<p>"Relax. When you go to get a job, no company is going to say 'Oh, we'd hire you but you didn't do well in Western Civilizations II.'"</p>

<p>Our son is in engineering, too. I think that 3 lab courses at the same time is insane, but, what do I know? and his schedule is, apparently, "not unusual." His courses are curved to a B-. So, considering who his classmates are at this pretty-darn-selective school, a B now ant then is nothing to be ashamed of. But he, like everyone else at this school, is accustomed to A's.</p>

<p>We have made a point of letting him know that our love, respect, and admiration are not based on his GPA. You might be surprised to learn that many classmates have parents who give their kids grief for anything less than a 4.0 average, even in college.</p>

<p>Telling him that you are fine as long as he is doing HIS best, is, IMO, the best thing you can do,</p>



<p>No, our kid helped us reset OUR grade expectations in her tough major (physics). We've dumbed down our expectations to "please graduate in four years", which she assures she will do.</p>

<p>I was the one adjusting my grade expectations all those years ago! To be perfectly honest, though, my parents NEVER once got involved. I was an adult & they trusted me to handle college myself. They were happy to listen, but they did not give me advice I didn't ask for (and I never asked for any). They did not hassle me about it in any way. I eventually figured out how to handle my work load & my grades ended up pretty decent overall. I was asked for my gpa when I applied to grad school, but even my low grades were accepted as prereqs for my MBA program. Other than that, my gpa has never been an issue. As long as your S doesn't have scholarships that hinge on keeping a higher gpa, I advise you to simply assure him that he can handle this on his own. If he asks for help, you can offer the usual advice (go to the prof, go to tutoring, join a study group, etc.). It sounds like you have been handling things well, so far!</p>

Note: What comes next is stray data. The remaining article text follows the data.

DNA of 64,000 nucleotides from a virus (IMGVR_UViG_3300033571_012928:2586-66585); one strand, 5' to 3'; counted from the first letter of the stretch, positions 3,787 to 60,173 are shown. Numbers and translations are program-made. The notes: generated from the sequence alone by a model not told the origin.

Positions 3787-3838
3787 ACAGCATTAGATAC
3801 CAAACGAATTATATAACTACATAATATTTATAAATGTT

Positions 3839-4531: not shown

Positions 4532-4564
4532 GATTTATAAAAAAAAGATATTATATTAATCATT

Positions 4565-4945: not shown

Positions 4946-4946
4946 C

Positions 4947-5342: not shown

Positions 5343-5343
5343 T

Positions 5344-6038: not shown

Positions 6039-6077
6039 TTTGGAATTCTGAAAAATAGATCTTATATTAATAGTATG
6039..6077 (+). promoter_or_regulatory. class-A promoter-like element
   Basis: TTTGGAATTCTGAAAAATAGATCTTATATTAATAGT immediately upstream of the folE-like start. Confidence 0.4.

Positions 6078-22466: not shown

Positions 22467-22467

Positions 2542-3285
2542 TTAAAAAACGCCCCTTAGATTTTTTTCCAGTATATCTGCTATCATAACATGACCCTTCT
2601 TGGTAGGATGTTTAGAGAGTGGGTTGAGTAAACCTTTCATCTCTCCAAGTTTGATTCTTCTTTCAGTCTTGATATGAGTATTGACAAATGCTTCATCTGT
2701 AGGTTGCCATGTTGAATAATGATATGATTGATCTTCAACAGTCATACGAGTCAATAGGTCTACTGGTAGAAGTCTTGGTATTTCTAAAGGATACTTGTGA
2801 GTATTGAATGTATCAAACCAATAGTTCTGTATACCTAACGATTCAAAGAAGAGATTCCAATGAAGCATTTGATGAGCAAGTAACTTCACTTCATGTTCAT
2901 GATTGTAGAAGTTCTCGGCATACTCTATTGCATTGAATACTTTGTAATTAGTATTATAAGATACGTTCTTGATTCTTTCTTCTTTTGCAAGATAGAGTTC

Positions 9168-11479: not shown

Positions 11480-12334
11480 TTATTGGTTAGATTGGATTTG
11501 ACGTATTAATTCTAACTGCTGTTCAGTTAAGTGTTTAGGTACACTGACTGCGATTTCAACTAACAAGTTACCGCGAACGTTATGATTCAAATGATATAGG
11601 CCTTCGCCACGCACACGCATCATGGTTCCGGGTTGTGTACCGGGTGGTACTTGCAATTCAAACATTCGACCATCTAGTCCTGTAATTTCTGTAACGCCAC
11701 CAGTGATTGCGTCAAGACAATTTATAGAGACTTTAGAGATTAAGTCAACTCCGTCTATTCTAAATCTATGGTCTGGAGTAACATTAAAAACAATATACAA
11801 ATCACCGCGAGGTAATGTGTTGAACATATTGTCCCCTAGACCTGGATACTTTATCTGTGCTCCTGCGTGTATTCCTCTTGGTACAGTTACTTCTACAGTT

To quote the book that I'm currently reading entitled "How To Survive Your Freshman Year":</p>

<p>"Relax. When you go to get a job, no company is going to say 'Oh, we'd hire you but you didn't do well in Western Civilizations II.'"


<p>For the record, this isn't necessarily true for engineering majors. Many of the classes that engineering majors take closely mirror things they'll do in internships or jobs (group engineering projects, software design, etc.). Which isn't to say that grades are everything (I don't believe anything close to that), but rather that engineering majors may in fact be asked to explain grades earned in specific classes in internship or job interviews. Because we don't spend very much time in classes like Western Civ, and do spend lots of time in classes with names that sound awfully close to the things employers want us to do. Still, the grades the OP is talking about aren't bad enough to be a problem, and learning to learn tough material is way more important than getting all A's.</p>

<p>Point out to him that for the most part the bottom part of the HS curve is not in class with him. It is kids like himself, so it is a lot tougher on average.</p>

<p>drizzit, continue to encourage your son who is doing terrific as a freshman engineering major because he is. And he may find that while the classwork will not get easier, the grading may be somewhat more generous in subsequent years.</p>

<p>I do place some of the blame for this sort of problem on many of our hs's which do not challenge our better students enough and send some of them off to college unprepared for the rigor of much college level work. Our son was fortunate that his hs was not like this. His unweighted 3.36 gpa(using 92% or better as an A) placed him in the top 6% of his class and prepped to tackle college level work. Heck, I dont think he got all A's in middle school either. He is a senior at RPI and told us that he has a 3.75 gpa, though he is not an engineering but a science major.</p>